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a village in Belgium near Mons and Valenciennes; near Malplaquet on Sept. 11, 1709, during the War of the Spanish Succession, there was a major encounter battle between the French Army of Marshal C. de Villars (90,000 men) and the combined English, Austrian, and Dutch forces under Prince Eugene of Savoy and the duke of Marlborough (117,000 men).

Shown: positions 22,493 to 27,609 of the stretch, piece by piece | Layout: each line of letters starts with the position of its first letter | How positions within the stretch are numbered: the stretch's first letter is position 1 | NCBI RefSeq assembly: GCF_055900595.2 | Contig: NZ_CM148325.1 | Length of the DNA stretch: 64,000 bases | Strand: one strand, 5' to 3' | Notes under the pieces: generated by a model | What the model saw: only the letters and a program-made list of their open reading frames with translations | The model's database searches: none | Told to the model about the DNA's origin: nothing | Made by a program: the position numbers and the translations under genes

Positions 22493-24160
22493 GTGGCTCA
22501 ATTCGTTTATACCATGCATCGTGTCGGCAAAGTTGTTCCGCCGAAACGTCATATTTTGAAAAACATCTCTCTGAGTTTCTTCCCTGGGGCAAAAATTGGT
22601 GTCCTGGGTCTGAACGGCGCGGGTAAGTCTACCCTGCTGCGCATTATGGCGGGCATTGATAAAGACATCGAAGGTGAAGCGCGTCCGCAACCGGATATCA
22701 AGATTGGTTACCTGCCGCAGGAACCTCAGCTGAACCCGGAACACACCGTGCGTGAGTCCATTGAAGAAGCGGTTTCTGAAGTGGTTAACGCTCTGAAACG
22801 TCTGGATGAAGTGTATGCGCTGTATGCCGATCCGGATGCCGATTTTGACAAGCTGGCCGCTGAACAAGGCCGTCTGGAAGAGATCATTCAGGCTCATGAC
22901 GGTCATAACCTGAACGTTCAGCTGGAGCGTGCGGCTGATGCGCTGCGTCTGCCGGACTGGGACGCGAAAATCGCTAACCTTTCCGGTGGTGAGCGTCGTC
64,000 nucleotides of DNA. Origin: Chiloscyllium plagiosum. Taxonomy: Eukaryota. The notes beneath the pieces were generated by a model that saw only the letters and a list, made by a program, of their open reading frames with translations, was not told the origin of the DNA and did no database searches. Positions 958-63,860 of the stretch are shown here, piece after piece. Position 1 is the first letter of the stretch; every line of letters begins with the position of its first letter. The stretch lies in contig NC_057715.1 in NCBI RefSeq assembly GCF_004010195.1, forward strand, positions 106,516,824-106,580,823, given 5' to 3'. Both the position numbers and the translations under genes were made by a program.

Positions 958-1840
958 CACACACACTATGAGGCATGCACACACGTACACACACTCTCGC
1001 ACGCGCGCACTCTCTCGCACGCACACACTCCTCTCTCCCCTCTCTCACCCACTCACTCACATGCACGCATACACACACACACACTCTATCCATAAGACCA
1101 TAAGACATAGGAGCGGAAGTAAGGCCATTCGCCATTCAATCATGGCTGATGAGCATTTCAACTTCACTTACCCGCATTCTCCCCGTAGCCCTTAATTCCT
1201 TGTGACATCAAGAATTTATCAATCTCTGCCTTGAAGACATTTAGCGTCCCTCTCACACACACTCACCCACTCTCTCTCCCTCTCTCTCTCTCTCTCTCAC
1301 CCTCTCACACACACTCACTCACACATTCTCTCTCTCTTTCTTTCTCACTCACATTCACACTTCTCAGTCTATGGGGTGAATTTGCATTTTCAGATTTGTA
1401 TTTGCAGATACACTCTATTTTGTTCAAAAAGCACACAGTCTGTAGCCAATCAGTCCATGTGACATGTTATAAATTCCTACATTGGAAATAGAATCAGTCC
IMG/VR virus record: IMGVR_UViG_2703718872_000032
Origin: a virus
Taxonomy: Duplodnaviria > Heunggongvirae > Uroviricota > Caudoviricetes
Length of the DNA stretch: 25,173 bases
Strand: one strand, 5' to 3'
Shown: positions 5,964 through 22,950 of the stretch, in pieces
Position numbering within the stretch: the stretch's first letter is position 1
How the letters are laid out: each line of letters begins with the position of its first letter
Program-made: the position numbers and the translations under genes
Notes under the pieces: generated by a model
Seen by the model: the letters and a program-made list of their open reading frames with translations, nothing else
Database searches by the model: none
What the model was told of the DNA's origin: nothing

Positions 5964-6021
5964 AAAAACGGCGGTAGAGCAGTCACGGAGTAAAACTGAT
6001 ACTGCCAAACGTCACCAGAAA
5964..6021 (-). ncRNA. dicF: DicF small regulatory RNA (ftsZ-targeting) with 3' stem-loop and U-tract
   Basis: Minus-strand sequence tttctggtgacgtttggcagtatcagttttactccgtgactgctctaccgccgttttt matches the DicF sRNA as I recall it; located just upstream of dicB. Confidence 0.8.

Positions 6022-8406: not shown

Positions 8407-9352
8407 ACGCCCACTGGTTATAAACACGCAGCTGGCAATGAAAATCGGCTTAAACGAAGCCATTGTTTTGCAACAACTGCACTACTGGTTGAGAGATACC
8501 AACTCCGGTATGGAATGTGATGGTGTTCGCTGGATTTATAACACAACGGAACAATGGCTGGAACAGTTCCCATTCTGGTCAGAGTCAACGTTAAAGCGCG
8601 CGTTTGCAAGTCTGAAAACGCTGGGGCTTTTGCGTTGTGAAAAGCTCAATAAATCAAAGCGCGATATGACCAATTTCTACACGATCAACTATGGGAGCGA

Savoy was able to envelop the left flank of the French Army and draw its reserves off in that direction. Then the allies attacked the center and right flank of the French, and the French, who lost 14,000 men, were forced to retreat toward Valenciennes. The allies soon (in October 1709) took the important fortress at Mons. The battle of Malplaquet was a typical battle of the period when linear tactics prevailed; it serves as an example of Savoy’s skill as a military leader.